make their appearance in wooden
frames, they are difficult to treat, on
account of the chinks in the wood:
nitric acid, however, soon
the most obstinate cases.
lSenzine collas is a splendid cleansing
substance for iron: when, however, this
may be considered too expensive, pure
parafline is a most efficient substitute,
though it requires a good deal of airing
to obviate its unpleasant smell, which
js the greatest objection to its general
use. The Queen.
BECAUSE THEY WERE MEN.
They Could Tell Krh Other the Truth
j Without Any Hard Keeling.
j Here is a conversation between two
: men that I heard yesterday morning.
' If they had been women I wonder what
' would have happened:
! "Have you met the new partner in
that firm yet?"
"Is he a young man?"
"Xo: not very young. About youi
i age I should think."
i "Do you think I am old?"
"Oh. not very old, but you are con
siderably older than I am."
I "I doubt that, but how old are you?"
; "I am thirty-six. How old are you?"
"Then I am younger, but I thought
vou were even older than that. You
i look older."
1 "Oh. you think so?"
"Yes. Maybe it's the bald spot that
i makes you look older. Then you have
an old figure, too."
All this was said in perfect earnest
! ness. and yet the men parted friends.
: Washington l'ost,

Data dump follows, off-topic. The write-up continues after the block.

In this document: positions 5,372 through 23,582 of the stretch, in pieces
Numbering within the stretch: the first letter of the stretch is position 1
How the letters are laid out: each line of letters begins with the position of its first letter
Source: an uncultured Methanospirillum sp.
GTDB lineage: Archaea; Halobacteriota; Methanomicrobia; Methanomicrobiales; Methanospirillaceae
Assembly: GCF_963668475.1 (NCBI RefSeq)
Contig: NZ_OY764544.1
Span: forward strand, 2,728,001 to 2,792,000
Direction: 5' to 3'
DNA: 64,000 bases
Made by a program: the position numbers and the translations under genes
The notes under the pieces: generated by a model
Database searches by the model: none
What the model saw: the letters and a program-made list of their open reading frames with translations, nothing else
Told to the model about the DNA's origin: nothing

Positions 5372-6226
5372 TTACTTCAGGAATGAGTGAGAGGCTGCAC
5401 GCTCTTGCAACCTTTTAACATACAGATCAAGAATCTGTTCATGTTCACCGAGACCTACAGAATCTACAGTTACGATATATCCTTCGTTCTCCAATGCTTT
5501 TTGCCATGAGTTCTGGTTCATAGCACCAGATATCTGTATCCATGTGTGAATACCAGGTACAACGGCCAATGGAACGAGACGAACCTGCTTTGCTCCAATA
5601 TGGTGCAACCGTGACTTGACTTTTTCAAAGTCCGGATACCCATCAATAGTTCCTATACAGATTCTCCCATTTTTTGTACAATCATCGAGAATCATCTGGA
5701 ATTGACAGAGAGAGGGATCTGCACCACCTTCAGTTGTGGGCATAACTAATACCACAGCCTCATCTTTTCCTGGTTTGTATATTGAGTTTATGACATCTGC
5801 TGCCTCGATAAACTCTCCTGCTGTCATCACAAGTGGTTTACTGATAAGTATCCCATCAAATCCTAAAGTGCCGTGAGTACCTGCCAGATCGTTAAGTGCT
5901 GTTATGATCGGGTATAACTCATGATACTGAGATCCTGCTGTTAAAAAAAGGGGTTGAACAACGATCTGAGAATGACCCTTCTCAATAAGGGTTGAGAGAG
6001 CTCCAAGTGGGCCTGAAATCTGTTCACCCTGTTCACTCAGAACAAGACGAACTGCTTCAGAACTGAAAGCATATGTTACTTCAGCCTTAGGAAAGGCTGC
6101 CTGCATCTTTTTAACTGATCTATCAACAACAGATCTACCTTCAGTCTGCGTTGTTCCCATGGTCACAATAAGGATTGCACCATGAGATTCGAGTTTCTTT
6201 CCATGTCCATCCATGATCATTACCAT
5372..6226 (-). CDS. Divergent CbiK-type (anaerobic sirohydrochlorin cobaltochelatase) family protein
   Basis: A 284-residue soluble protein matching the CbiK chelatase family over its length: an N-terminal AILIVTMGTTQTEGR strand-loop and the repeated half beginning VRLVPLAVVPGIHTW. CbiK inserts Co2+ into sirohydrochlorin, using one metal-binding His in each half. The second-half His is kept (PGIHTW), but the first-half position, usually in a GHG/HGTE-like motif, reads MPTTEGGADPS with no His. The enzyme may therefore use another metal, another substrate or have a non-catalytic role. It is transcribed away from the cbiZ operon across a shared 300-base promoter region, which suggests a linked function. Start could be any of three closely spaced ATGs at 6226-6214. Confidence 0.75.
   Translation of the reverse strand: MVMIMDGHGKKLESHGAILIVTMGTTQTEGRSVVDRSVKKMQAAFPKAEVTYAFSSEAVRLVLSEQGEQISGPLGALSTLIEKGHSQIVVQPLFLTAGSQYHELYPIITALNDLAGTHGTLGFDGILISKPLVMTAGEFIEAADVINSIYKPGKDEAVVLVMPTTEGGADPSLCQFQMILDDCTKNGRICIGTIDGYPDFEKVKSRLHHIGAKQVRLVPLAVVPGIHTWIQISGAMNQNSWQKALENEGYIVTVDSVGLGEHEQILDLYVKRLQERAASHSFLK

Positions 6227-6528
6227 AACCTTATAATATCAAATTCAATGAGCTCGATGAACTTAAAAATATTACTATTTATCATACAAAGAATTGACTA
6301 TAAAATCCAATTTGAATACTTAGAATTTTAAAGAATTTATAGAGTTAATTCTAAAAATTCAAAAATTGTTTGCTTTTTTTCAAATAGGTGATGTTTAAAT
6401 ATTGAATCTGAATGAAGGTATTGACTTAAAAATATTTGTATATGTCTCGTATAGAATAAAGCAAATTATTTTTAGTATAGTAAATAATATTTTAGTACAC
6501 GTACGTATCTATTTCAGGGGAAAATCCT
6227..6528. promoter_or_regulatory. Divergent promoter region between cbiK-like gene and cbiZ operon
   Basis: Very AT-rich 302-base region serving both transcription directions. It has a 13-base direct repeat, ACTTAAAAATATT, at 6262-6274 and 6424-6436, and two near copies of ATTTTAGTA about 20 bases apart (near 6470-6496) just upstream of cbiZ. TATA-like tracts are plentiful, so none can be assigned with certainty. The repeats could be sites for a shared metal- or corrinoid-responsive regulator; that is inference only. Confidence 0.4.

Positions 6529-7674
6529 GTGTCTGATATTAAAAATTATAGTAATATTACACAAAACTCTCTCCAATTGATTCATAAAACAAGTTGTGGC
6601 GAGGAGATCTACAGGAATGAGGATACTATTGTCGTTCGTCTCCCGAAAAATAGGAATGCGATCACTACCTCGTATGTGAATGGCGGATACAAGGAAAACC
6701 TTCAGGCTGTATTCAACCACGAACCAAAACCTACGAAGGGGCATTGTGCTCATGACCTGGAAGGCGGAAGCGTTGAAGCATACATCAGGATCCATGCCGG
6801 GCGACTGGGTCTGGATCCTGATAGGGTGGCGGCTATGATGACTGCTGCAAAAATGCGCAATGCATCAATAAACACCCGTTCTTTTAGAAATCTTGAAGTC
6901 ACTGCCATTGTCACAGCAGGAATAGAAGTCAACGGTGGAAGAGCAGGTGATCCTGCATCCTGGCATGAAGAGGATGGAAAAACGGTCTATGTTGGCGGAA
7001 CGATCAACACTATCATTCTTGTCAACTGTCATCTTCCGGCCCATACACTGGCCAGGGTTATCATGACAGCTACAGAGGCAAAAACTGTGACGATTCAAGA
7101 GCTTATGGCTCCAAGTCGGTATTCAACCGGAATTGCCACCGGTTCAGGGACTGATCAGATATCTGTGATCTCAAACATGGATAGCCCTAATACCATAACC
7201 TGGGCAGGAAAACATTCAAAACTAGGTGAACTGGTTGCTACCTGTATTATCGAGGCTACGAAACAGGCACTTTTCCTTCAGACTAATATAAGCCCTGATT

"More trouble ahead, I perceive,''
remarked the cow. with signs of vexa
tion. "Indeed." observed her daugh
ter, inquiringly. "Yes, I read that
red parasols are to be used again this
summer and I don't know what I shall
do, just recovering from nervous pros
tration as I am." Cincinnati Tribune.
An American elm will live under
favorable circumstances 300 years; a
maple 500 years; the orange 630 years;
the sequoia over 2,000 years. But a
Urst-class scandal will live several
sons. Several that originated in early
U?ypt are still living and in goodi
The men who expect to be members
of the next general assembly Of Mis
souri ought to thoroughly acquaint
themsemselves with the matter of crim
inal costs. Out of 8550,000 appro
priated by the last legislature not one
dollar now remains in the treasury.
There will be an enormous deficiency,
just how much no one can estimate.
It will certainly be $100,000 and doubt
less much greater. The great burden
of criminal costs is due to the slow
process of the criminal laws. No mat-
ter how great a crime a man may com- j
mit. he cannot be forced to trial in;
much less time than a year. Mean-;
time, the criminal costs are stacked up j
and the taxpayers must foot the bill in j
. T. . . , .. '
the end. If the present imbecile mm- j
inal laws of this State are continued a
few years longer the State will pay
more for criminal costs than it does
for support of the public schools.
Jefferson City Tribune.
to announce tbat he has
just received large ship
ments of ladies' and gen
tlemen's boots and shoes,
and all other things in the
shoe line. Good goods
at low prices.
Please give me a call.
C. J. HAMAN,
North Main Street.
of Me. !
f , s r.-
.r v.-, ---;.( .vu; i; :;c day. Ita' ts
. : ',? jv., i.r.v u: k 1o:: all other fail